Best Defense

A fine book on Crook, perhaps the most un-generalish of great American generals

Best Defense is in summer reruns. Here is an item that originally ran on June 14, 2016.



Best Defense is in summer reruns. Here is an item that originally ran on June 14, 2016.

I was fogged in the other day, so I used the downtime to finish reading The Gray Fox: George Crook and the Indian Wars, by Paul Magid. It is terrific.

I was especially interested in it because at one point a few years ago, casting about for my next book project, I considered writing a biography of Crook. Now I am glad I didn’t. Magid was way ahead of me, and his book answered all the questions I had — and the major reason I write books is to address questions that intrigue and puzzle me.

My first question was, why was Crook considered such a good Indian fighter? No, it was not because he was a tough, tenacious guy, though that certainly helped. On one hard march, he supplied his troops by having them slaughter their horses. On another occasion, after a 26-hour march, while everyone else went to sleep or built fires, he went out and shot birds to feed the troops some breakfast. He also was relentless. The chief of a surrendering Apache tribe reported that he had given up because his people could not sleep, hunt or cook, or take refuge in the warmer valleys, and that when they hid on the mountain tops, Crook found them there.

Rather, he was a successful Indian fighter because he thought ahead. For example, when he had defeated a tribe or band, his next move was to enlist their warriors as scouts. Consider this passage, after the Paiute have surrendered to him after a multi-year fight. His first major demand was that they provide him with scouts. Why? “His objective was to obtain knowledgeable guides for his troops and, more importantly, to test the tribe’s commitment to peace…. The chief assented, knowing that… it would give his young men an opportunity to demonstrate prowess in battle, crucial to their status within the tribe.”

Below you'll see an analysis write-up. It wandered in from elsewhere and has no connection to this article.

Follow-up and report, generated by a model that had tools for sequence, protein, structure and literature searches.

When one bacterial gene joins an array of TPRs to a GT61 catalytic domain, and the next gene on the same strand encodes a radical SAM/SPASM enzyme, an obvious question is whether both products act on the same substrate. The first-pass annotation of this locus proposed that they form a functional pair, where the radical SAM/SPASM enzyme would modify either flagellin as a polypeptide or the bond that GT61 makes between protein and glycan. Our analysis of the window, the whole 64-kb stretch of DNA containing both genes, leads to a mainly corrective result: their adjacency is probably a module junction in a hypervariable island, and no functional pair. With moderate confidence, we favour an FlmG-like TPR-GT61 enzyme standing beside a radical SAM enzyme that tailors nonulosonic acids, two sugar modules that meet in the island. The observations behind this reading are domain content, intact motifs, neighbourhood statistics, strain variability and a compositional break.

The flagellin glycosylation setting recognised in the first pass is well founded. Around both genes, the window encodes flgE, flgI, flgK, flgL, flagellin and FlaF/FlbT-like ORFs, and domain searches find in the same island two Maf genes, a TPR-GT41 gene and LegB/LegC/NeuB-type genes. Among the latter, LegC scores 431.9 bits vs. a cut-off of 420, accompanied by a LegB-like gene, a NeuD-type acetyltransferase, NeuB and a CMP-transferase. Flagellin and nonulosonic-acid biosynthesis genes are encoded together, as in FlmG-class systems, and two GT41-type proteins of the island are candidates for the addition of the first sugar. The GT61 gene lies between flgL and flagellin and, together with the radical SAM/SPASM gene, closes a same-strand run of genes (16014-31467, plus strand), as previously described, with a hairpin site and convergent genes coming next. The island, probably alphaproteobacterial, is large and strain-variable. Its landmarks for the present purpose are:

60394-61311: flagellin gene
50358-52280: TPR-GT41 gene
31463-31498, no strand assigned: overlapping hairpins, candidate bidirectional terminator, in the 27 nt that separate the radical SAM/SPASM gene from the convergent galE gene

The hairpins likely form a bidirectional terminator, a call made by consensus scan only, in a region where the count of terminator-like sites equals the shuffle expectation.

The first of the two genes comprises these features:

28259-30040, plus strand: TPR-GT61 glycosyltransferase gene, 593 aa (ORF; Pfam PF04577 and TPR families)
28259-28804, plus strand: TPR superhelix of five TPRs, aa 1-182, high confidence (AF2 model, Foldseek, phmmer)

Crook insisted that his Indian scouts — what we would today call local allies — receive the same pay and benefits as his own troops. This was “an article of faith with Crook,” Majid writes. That’s quite a contrast to our treatment of Afghan and Iraqi allies in our recent wars.

He gave a lot of time to his scouts, spending time with them (and with his mule packers) around the campfire at night. His chief of scouts at one point was Albert Sieber, an immigrant with a thick German accent and an understanding of Apache culture, values, and language. (This is something you don’t see in most Westerns.)

He also insisted that prisoners be well treated. This paid off in the long run, as respect and dignity often was repaid with trust and even friendship. When a leading Apache chief surrendered, Crook shook his hand and promised to be “the best friend he ever had” — if the chief kept the peace. When Crook wanted to send messages to influence the Apache population, he released prisoners with messages.

He was noted as a winter campaigner. This was in part because it was easier to attack Indian tribes bedded down for the season, but also because, in his Arizona campaigns, the abundance of snow freed him from being forced to march along the handful of rivers. In a later campaign, to prepare his men for a winter campaign against the Sioux in the area around northern Wyoming, southeastern Montana, and western South Dakota, he issued each wool socks. Over those would go moccasins that reached to the calf — and then, over those, buffalo-skin boots. Clothing began with wool underwear, then punctured buckskin, and then a heavy suit. Then an overshirt. And a coat of buffalo or beaver. Plus a beaver cap.

Unusually for a general, he was an expert on mules and on how to pack them. He preferred riding a mule in desert territory. He was a field commander, always out front — yet still avoiding micromanagement of his subordinate commanders.

Magid tells the story well. He is especially good on the battle of the Rosebud, in southeastern Montana, and especially why, coming on June 17, 1876, it was so crucial to setting up Custer’s defeat a week later in the next valley to the west.

For all his good will, Crook understood that at the heart of his success was the ugly truth that the best way to defeat a warrior culture was not to give it battle, but to rip out its soul. Victory was achieved not by fighting but by driving Indians out of their villages during the winter, burning their food, and capturing their ponies. As Magid writes, “The twin disasters robbed the Indians of their mobility and means to fight, and left them destitute and demoralized, struggling to survive in the subzero temperatures that prevailed on the northern plains at this time of year.”

Image credit: Wikimedia Commons

Thomas E. Ricks covered the U.S. military from 1991 to 2008 for the Wall Street Journal and then the Washington Post. He can be reached at Twitter: @tomricks1
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